Marijuana: What's the big deal?
Thank you to those who have compassion for desperate families looking for any answer to help their loved ones who are being treated for cancer or any other major illness.
As a mother of a child who had 200-300 seizures a day and knowing the stress, hopelessness and desperation, I understand the urgency for an answer.
With this being said, I am offended and angered by an industry that strategically orchestrated this campaign, using these families as their shield to thrust their agenda in an effort to
Don't be fooled by all the gamesmanship, but instead understand that their plan grows a billion-dollar industry on the back of addiction.
Cutting edge research is being conducted, medications are being developed and some forms exist and are available for prescribing.
Yet this is not being talked about, especially by the media. If there are components that can be isolated, have value and produced into a pharmaceutical intervention, then this is what should be promoted through the FDA.
Just like opium, we do not need to smoke it to get the benefit that morphine (the pill form of opium) provides.
The same applies to marijuana: We do not need to allow smoking it to provide access to the beneficial components. It's interesting that only about 2 percent of the medical marijuana cards issued are for individuals that actually have cancer or AIDS.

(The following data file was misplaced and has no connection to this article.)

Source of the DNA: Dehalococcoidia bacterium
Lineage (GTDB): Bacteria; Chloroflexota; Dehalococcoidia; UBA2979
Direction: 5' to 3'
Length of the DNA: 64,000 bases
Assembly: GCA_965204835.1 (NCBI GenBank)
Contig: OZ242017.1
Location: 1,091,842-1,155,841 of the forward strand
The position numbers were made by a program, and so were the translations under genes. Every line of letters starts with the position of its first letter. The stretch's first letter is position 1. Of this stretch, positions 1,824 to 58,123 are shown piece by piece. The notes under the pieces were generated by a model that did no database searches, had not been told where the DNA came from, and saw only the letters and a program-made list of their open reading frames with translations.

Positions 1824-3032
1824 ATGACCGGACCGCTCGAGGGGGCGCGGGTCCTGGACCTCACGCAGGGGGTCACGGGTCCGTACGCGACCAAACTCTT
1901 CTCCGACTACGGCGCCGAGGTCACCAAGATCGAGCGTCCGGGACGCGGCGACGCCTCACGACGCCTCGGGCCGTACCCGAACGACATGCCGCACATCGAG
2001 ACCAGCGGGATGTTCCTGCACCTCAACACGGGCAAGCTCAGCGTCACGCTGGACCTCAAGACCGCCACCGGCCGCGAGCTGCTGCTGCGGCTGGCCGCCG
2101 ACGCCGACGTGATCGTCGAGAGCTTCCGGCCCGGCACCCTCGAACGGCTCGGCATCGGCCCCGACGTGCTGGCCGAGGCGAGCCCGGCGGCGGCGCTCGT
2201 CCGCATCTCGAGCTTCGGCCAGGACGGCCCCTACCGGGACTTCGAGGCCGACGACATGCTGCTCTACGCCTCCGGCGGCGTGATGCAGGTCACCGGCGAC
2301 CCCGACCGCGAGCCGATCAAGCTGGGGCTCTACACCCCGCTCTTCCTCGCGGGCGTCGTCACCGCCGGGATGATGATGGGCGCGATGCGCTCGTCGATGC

The average card holder is a male, in his 30s with a history of drug abuse and no terminal illness.
We are seeing the results of this issue being played out across the nation. We are seeing low perception of risk around marijuana use which we know with adolescents means increased use.
The neuroscience research is clear. This is a dangerous drug. Increased access will promote increased use by youth. Increased addiction rates will result.
Unfortunately, most people do not see the big deal of allowing someone to smoke a joint. Yet this is not the issue. It is a whole industry of foods and products to provide the dispensing of THC, the psychoactive drug in marijuana.
We are seeing the impact in Colorado and states that approved marijuana for medicinal use:
n Increased advertising, targeting youth
n Increased driving under the influence (drugged driving)
n Increased admission of youth to mental health and drug addiction treatment
n Increased emergency room visits
The other argument on this issue is the crime statistics that lead us to believe that we are locking people up for paraphernalia and small amounts of possession of marijuana.
The data is clear: less than 0.02 percent of individuals are in jail for this issue and typically it is due to other drug trafficking charges.
I encourage all of you to please review the material and watch the videos offered by SAM (Smart Approach to Marijuana).
Don't be fooled by the smoke and mirrors of a for-profit industry that will make billions off this addictive and dangerous drug if legalized. It is a big deal.
(The writer is the executive director of the Blair County Drug & Alcohol Partnership.)